Saturday, April 25, 2015

Stumbling Through the Bahamas, One Mistake at a Time

We spent a couple peaceful days anchored out in Old Fort Bay swimming around and checking out some of the coral.  On the third day after Ashley's arrival, we had to move Moitessier to West Bay, due to a wind direction change.  Since the wind was coming from the north at about 25 kts, Old Fort Bay was no longer an option for a sheltered anchorage.  Since we were planning on going to the Exumas the next day, we figured we would just head over to West Bay, get up early in the morning, and head south around Nassau and make our way southeast to Allen Cay.  Getting into the anchorage proved to be quite simple, with visual piloting around some coral heads, but leaving proved to be quite a debacle.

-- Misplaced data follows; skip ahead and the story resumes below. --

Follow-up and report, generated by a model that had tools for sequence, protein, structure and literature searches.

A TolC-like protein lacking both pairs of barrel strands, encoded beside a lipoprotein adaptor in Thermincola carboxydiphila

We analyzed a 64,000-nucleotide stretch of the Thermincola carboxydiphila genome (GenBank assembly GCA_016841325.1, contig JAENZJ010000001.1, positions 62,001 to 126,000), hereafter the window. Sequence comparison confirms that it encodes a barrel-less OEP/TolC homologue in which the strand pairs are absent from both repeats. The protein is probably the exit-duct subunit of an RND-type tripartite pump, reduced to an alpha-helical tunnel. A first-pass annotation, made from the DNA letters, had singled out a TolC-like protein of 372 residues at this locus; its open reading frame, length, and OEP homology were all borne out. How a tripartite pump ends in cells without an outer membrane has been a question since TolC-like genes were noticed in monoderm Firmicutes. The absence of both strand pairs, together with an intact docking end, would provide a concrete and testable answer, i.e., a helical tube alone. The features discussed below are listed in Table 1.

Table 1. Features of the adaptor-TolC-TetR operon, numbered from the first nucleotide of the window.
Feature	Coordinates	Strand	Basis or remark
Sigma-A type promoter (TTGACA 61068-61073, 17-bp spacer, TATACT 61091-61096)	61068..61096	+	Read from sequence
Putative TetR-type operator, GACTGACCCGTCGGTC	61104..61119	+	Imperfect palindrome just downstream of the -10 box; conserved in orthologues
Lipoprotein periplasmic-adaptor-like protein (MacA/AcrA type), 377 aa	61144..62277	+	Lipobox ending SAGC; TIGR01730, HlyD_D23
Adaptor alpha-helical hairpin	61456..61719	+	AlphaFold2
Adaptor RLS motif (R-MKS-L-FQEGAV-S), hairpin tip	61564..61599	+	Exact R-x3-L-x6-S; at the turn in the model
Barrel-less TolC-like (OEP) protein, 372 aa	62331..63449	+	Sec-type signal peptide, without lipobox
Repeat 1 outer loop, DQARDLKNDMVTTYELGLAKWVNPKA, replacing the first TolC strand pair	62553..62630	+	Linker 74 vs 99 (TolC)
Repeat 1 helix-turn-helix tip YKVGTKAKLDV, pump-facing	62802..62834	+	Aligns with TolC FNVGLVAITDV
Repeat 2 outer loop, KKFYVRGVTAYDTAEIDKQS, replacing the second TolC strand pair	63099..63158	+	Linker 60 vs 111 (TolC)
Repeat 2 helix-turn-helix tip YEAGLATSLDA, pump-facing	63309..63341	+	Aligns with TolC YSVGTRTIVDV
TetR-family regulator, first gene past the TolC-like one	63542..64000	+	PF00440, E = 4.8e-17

In West Bay, there are 2 ways to get in and out of the anchorage.  One is from the north, which we entered from, and another is in the south.  We stupidly decided to leave early in morning without the sun high in the sky to help us read the water.  Since we hadn't entered through this cut, we had no reference really as to where the shallow water began and ended.  We were relying on our chart-plotter which didn't have too much information on depths, as well as on our paper charts which also weren't too helpful, but with a time crunch to get into Allen Cay with daylight behind us, we foolishly left early in the morning against our gut instinct.  What a mistake that was.  With me at the helm, I watched the depths quickly drop from a safe 10 ft to 6.5 ft within seconds.  By the time I had realized what was happening and put the "brakes" on Moitessier, it was already much too late.  We ran aground onto a large, camouflaged coral bed.